A polar bear’s life

Boy visits Kut.| Photo courtesy of Julia Kwan.

Filmmaker, Julia Kwan explores themes of aging and the abandonment of the elderly in her first animation film, The Zoo.

Animated by Jesse Cote at Jester Coyote and co-produced by the National Film Board (NFB) and Telus, The Zoo takes us on a journey through the story of Kut, a polar bear cub who finds himself living in a confined, cemented pit at a zoo and a young Chinese boy named Jun, who visits him from their youth, well into their old age.

SPARK will be showing The Zoo Oct. 27 at the Vancity Theatre.


Family picture with Kut.| Photo courtesy of Julia Kwan.

Dedicated to her dad, the film, written and directed by Kwan raises the question of how much we value seniors in our society, she says.

In The Zoo, we see both Kut and Jun age together until they are both in their twilight years.

The concept of The Zoo came from Kwan’s real life experiences from visiting Tuk, the real bear who once lived at Vancouver’s Stanley Park Zoo and was left there to wait out his life after it closed because he was too old to be moved and tie into her experience with taking care of her aging parents.

“Seeing the ravages of time and disease on a loved one is heartbreaking,” says Kwan.

Kwan also drew her inspiration for The Zoo from her 2014 documentary Everything Will Be, which explored the feelings of abandonment and loss through lives of Chinese seniors living in Vancouver’s Chinatown, says Kwan.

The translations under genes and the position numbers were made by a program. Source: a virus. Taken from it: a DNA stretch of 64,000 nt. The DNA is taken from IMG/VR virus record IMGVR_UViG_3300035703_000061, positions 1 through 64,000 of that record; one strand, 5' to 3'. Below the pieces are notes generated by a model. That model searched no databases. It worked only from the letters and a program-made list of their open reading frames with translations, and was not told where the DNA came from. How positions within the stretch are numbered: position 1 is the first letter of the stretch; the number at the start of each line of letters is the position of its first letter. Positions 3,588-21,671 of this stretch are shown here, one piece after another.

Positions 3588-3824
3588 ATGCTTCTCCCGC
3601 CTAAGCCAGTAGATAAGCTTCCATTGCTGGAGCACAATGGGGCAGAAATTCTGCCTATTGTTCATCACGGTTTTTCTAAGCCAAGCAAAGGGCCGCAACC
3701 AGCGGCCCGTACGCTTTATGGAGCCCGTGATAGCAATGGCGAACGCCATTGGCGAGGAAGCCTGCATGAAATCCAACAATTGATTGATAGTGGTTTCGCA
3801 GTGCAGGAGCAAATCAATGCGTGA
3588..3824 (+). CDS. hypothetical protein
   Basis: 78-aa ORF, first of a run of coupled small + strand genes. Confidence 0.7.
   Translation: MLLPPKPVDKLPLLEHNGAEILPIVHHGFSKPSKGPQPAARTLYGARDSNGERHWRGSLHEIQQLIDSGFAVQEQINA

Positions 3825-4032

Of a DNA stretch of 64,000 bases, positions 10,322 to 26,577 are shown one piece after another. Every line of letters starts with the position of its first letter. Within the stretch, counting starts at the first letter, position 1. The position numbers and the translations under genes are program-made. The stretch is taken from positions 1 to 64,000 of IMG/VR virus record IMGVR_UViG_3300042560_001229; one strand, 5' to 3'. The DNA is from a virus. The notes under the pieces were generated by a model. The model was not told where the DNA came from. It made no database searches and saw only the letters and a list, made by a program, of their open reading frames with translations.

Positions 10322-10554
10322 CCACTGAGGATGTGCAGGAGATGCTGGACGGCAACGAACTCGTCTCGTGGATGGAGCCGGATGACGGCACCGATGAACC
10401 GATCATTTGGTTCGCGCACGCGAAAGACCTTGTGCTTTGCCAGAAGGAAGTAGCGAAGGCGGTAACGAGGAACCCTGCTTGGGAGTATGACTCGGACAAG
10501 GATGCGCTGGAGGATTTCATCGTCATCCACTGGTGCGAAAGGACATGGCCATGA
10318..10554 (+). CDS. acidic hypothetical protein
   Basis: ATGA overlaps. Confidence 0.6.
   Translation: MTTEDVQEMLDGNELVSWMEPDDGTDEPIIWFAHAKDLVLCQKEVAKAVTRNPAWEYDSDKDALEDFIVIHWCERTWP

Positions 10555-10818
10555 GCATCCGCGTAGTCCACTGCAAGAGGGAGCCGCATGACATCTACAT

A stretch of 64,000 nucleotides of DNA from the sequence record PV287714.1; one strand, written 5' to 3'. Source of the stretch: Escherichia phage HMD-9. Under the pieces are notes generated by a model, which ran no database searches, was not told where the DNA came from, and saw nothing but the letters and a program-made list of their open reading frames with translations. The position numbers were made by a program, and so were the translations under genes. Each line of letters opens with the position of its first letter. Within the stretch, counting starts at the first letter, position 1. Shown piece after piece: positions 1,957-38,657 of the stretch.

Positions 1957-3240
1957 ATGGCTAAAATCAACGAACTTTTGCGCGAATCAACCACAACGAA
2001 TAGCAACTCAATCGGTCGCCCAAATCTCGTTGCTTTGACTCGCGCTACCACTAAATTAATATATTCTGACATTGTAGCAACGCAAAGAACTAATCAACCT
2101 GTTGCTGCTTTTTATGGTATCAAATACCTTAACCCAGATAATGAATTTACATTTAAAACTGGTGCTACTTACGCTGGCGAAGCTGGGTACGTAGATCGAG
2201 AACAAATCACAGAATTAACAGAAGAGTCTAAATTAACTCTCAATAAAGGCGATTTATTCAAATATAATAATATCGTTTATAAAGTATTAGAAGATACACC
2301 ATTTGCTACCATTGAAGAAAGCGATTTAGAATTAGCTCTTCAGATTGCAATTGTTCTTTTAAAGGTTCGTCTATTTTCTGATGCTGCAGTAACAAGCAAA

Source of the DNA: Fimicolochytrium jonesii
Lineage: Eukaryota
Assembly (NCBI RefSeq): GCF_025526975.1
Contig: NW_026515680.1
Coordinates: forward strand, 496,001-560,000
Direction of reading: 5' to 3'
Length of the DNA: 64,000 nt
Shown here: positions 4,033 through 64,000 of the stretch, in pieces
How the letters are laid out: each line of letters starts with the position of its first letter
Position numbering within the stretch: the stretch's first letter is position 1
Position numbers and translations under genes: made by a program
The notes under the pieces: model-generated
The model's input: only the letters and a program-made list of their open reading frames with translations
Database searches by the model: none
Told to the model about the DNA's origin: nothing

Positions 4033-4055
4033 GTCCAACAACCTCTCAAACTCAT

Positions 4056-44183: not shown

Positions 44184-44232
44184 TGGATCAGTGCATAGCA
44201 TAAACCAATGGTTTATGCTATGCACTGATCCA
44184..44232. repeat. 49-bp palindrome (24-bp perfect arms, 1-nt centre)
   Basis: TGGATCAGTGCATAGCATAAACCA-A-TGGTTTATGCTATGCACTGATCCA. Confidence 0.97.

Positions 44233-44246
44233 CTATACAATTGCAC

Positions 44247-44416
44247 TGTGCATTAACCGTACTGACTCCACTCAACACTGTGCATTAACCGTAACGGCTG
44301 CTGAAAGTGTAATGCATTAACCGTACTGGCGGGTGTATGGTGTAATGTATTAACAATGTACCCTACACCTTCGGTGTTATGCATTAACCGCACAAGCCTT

Kut, much like the real Tuk, is left to live out the rest of his life in an abandoned zoo after it has closed and Jun is seen slowly walking up the stairs into his cramped apartment in Chinatown with no one by his side.

Show don’t tell

The Zoo is Kwan’s first film without dialogue.

“It was a challenge for me, I didn’t hear a voice for the bear, I wanted the emotions to play out in action, through facial expressions or circumstances of story,” says Kwan.

Although not an animator herself, Kwan says The Zoo lends itself to animation and wanting to convey Kut’s emotions without dialogue or voiceover meant that she had some research to do.

Kwan was also faced with showing how her two characters aged through the film without the use of dialogue.

She credits her animator Cote, for coming up with the concept of showing the two characters at different stages in life through a series of photographs.

Kwan says the details Cote put into a senior Jun, reminded her of her dad.

“I see my dad’s physicality in that old man especially in the crooked back,” she says.

Finding her voice

For Kwan, visiting the Stanley Park Zoo was a magical experience for her as a child, she says.

“There was no way my parents could afford to take us on a safari, it was the only chance I had as a child to be up close to animals, it fuelled my imagination,” she says.

Kwan’s parents immigrated to Vancouver from China.

“I was such a shy kid that I didn’t really have a voice and I found my voice through my writing,” says Kwan.

Her mother, a school teacher and her father a manager/bus boy at a restaurant, Kwan says no one in her family ever pursued the arts.

Kwan’s love for film would lead her into a scriptwriting and when she told her mom she was pursuing writing, she got a phone call from her sister saying “you know, mom thinks you’re studying calligraphy.”

On her first animation film, Kwan says “it’s exciting, because I want to try different things, challenge myself as a filmmaker.”